If you could only buy one stock, buy XYZ Corp! Our very best idea is XYZ Corp!
How many times have you heard those little tidbits shouting at you from the pages of investment letters and webpages?
OK, here we go. Micron (NASDAQ:MU) is a major memory manufacturer that is on the verge of getting even more "major." The company is in the late stages of acquiring the only remaining Japanese memory manufacturer, Elpida.
Recently, a Japanese court dismissed an appeal by some small unsecured creditors, so the deal is a virtual certainty to get done. While there was a small measure of uncertainty, Micron was reluctant to discuss how good a deal Elpida really is. Not anymore!
The company mentioned some interesting new details during a Bank of America presentation attended by Micron on June 5, 2013.
The company actually told us the total wafer capacity of the combined companies is 600,000WSPM (Wafer Starts Per Month) at minute 2 in the presentation.
The other key fact I heard for the first time is that Elpida will be accretive to Micron earnings.
The 180,000WSPM capacity from Elpida would cost $6-8 billion to build new. Micron is paying $2 billion for it.
Apple (NASDAQ:AAPL) did its part by giving Elpida orders for mobile DRAM that now amount to about 80% of the mobile DRAM output of Elpida. Figure that -- Apple buying from a bankrupt company.
Let's try to figure some things out:
Back when Micron made this deal with Elpida, the contract price for DRAM was about $.70 for a 2Gb chip or a negative 50% gross margin. NAND memory was marginally profitable.
Today the average between contract and spot price for that 2Gb DRAM part is about $1.70, up 142% since December 3, 2012, and now sports a gross margin of about 40%. NAND has also increased in price and decreased in cost to the point that NAND produces about 50% gross margins.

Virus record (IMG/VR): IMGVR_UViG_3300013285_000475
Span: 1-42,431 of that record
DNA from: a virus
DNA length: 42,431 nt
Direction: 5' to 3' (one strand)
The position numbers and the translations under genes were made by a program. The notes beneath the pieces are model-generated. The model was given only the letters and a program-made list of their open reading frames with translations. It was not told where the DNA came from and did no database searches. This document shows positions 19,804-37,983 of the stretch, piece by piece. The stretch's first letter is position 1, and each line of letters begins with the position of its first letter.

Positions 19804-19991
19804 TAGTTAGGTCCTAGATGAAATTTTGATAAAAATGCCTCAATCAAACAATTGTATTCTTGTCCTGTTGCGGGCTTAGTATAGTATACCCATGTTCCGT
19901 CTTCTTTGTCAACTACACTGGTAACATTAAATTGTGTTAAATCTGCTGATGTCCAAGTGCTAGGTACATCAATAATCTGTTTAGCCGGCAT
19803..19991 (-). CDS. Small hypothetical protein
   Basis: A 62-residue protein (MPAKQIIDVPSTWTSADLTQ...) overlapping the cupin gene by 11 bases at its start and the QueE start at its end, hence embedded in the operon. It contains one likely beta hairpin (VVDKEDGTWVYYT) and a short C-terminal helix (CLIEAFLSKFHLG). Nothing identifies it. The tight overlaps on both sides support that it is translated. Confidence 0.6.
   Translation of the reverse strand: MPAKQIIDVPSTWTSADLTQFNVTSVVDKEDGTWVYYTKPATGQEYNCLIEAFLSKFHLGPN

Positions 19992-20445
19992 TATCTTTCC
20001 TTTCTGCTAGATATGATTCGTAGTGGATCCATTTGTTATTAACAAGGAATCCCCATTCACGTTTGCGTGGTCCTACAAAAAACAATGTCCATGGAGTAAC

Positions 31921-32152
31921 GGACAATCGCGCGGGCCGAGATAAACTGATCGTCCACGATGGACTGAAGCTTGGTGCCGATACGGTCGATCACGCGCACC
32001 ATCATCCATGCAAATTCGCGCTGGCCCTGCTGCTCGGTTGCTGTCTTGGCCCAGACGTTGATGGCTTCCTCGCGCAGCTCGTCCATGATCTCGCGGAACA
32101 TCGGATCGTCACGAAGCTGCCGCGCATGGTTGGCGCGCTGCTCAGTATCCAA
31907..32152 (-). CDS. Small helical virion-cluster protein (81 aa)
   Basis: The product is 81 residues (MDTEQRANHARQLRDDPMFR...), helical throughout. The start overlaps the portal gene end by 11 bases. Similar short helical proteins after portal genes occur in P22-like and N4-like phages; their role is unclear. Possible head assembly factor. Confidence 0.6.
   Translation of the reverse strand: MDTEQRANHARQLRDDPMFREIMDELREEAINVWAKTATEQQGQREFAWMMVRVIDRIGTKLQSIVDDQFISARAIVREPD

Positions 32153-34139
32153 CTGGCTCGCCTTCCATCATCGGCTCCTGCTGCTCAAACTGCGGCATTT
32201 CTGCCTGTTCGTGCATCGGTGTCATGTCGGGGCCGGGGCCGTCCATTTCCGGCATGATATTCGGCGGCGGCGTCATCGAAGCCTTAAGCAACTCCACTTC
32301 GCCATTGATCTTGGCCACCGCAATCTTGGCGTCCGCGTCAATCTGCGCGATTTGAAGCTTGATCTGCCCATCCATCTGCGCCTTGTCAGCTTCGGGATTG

For simplicity, I'm going to assume that all NAND parts sold are 128Gb parts and all DRAM parts sold are 4Gb parts. The average between contract and spot price for these parts is about $12.50 for the NAND and $3.00 for the DRAM.
The big NAND chip probably yields about 250 good die per wafer, so a NAND wafer produces about $3200 in revenue. The big DRAM chip probably yields 950 good die per wafer, so a DRAM wafer now produces about $2800 in revenue. I think we can agree on average wafer revenue of about $3000.
The breakeven cost of memory wafers is about $1300, give or take.
Now we know for sure that the combined company has 600,000WSPM capacity or 7.2 million wafers per year. A little arithmetic gives a revenue number of over $21 billion. Cost should be about $9 billion. Gross profit should be $12 billion. Total OpEx should not exceed $6 billion. That gives an operating profit of about $6 billion. Neither company will pay any cash income tax (although they will provide about 10% for it).
As recently as February 12, 2013, President Mark Adams alluded to a $16 billion "clip" (sales rate) (12 minute point) for the combined company. Prices have increased another 30% since then.
You can move the numbers any way you want, but the new Micron earns dollars instead of dimes. If this rate of business and profit doesn't appear in the results to be reported on June 19, it will work its way toward those numbers during the next three quarters.
The question is, "what will the market pay for a share of Micron that earns $5?" A P/E of 10 would take it to $50 or more. Eventually. I say eventually because it has been my experience that many analysts and institutional investors are dumbfounded by these big moves and don't catch on for a while. When they do catch on, they could "bubble" it up to $100/share.
So, this is the "Single Best Idea" that I have for the next two years, and "if you could only buy one stock," make it Micron.
Disclosure: I am long MU. I wrote this article myself, and it expresses my own opinions. I am not receiving compensation for it (other than from Seeking Alpha). I have no business relationship with any company whose stock is mentioned in this article.